Millennials Stick in the Nest Despite Improving Job Market
NEW YORK -- Even an improving job market isn't enough to get millennials to move out of their childhood homes, says Goldman Sachs (GS). At least not when they're still grappling with high student debt, low starting salaries and increasing rents.
Unemployment among 18- to 34-year-olds has dropped from a high of nearly 14 percent in 2010, just two years after the financial crisis, to 8 percent. That's almost reaching the 7 percent rate in 2007, but it hasn't enabled the generation born from 1980 to 2000 to match historical patterns in achieving one of the most basic adult milestones -- getting their own places.
With a population of about 92 million, millennials are the largest generation in U.S. history, outnumbering even baby boomers, so their spending patterns are important for both individual companies and the economy as a whole.
"While moving into a rental unit usually presents a lower hurdle than becoming a homeowner, young people who now have jobs but struggled in recent years might not have enough savings to cover an initial deposit or might fall short of landlords' expectations for a potential tenant's credit score, savings, or income history," David Mericle, an analyst for Goldman Sachs, wrote in the report.
According to the Goldman report, which cites U.S. Commerce Department data, the percentage of young adults living at home grew from around 26 percent in 2006 to about 32 percent in 2012. In 2014, it started to decline, but progress toward pre-recession levels has stalled in the past six months.
The chart below compares the percentage of young adults living at home in 2007 and in 2015, across various employment statuses. While it would make sense that the unemployed and under-employed part-time workers -- those who would like full time work but are unable to find it -- would stay at home, even the ones with the jobs they want are doing so.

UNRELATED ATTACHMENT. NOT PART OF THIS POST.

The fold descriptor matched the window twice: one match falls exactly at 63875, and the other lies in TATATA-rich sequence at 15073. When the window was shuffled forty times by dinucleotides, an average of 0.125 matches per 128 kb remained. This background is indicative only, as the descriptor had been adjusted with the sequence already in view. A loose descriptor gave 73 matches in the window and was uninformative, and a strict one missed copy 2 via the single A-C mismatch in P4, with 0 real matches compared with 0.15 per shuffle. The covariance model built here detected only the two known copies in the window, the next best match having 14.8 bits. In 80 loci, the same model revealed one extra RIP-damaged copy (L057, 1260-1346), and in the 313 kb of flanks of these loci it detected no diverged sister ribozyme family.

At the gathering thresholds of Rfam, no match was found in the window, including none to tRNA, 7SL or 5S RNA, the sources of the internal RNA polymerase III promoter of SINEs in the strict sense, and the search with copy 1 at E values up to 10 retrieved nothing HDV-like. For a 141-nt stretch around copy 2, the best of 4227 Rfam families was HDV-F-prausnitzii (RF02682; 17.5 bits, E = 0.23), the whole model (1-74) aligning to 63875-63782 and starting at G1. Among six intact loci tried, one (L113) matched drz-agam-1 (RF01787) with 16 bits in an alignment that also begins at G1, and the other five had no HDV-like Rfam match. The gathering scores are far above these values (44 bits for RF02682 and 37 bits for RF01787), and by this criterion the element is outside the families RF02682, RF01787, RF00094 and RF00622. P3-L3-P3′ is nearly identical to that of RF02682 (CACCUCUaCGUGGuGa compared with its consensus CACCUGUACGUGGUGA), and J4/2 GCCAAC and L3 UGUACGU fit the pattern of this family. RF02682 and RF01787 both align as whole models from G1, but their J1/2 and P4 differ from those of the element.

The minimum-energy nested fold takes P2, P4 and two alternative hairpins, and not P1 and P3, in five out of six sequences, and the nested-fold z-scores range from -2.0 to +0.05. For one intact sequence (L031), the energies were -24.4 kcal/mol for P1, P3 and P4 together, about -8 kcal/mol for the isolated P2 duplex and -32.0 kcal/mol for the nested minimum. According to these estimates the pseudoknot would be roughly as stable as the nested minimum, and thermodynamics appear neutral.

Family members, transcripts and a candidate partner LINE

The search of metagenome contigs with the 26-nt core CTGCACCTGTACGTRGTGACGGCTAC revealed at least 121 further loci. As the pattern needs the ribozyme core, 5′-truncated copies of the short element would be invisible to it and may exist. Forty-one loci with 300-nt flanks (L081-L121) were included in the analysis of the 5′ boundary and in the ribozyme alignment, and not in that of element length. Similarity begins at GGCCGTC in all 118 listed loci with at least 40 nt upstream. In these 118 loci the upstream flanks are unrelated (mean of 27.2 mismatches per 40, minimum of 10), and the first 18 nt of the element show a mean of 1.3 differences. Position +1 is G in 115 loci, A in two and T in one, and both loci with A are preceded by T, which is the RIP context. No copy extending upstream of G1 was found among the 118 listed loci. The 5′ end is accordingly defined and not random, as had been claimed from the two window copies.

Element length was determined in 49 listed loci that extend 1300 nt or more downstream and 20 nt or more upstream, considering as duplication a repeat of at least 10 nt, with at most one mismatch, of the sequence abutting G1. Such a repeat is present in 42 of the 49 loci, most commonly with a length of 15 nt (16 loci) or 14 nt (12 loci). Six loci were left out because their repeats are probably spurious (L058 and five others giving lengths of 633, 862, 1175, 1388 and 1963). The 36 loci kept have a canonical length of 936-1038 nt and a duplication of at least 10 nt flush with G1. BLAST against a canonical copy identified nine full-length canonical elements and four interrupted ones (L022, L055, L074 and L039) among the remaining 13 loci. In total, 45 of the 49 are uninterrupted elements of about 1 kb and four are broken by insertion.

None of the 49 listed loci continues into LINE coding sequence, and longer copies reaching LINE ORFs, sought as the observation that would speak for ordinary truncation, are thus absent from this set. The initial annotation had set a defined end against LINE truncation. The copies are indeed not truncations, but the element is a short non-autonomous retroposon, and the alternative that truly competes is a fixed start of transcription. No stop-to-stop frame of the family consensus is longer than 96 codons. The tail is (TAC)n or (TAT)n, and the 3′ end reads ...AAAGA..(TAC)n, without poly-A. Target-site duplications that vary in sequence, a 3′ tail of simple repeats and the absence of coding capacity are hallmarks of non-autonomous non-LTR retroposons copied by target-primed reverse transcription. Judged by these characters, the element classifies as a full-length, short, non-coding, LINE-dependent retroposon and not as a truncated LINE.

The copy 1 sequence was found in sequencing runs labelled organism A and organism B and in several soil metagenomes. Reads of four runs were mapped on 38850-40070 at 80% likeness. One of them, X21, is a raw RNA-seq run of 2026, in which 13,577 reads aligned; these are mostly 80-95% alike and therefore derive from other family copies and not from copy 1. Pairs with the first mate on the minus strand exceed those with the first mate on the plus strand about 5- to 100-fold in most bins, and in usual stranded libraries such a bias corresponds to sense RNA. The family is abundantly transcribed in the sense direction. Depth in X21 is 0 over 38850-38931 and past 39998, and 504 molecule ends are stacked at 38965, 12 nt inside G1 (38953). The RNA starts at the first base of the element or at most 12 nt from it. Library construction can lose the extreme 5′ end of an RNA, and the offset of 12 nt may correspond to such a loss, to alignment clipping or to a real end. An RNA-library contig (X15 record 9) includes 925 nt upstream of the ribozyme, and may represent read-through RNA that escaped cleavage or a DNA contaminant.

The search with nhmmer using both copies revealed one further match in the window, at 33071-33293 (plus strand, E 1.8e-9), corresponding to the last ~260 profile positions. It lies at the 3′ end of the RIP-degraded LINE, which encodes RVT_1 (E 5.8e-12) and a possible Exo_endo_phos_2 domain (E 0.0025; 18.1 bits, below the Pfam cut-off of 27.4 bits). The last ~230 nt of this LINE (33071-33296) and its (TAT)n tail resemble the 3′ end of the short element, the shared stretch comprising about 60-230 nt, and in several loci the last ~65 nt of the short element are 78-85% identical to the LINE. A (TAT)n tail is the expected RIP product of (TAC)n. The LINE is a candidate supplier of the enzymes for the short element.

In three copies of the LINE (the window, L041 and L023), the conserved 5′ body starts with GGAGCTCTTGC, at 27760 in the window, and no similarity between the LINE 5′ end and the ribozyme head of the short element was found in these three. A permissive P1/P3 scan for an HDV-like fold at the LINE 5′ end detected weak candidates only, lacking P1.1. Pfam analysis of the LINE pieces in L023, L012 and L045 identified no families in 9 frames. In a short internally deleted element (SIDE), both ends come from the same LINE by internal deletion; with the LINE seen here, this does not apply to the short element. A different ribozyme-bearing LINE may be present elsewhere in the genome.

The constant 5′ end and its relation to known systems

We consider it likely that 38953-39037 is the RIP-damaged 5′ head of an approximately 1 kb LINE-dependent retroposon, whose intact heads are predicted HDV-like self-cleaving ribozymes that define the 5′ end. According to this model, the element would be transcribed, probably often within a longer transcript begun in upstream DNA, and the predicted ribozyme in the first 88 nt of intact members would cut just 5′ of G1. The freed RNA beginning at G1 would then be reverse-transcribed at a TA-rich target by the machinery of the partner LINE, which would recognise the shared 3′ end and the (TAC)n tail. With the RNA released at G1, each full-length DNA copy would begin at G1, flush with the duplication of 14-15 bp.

Despite gains elsewhere in the economy, what's keeping millennials at home may be summed up the most easily by the statement of Jimmy McMillan, the failed New York state gubernatorial candidate: "The rent is too damn high."
Since 1981, the ratio of rent to income has climbed 15 percentage points for all workers and more than twice that much -- 35 percentage points -- for workers under the age of 34. A spread between younger and older workers is expected as incomes tend to rise with age while housing needs tend to flatten. (The apartment you had in your early 20s would likely be unsuitable for starting a family in your 30s, but the house you have in your 30s could reasonably fit your needs for decades.)
However, factoring in a slow career start coupled with a high student debt burden makes the dream of renting a home improbable -- let alone the dream of owning one.
Not helping matters is that wage growth has been slow in recent quarters and, when adjusted for inflation, salaries have largely been flat since the late 1970s. That's not lost on Federal Reserve Chair Janet Yellen.
"We have been through a period in which wages have been, in real terms, growing less rapidly than productivity," Yellen said in testimony to the Senate Banking Committee in July.
"It is evidence of some remaining slack in the labor market, so my forecast is that we will see some pickup in wage growth. But it is important to remember that there has been increasing wage inequality in the United States over a long period of time, certainly going back to the mid- to late-70s."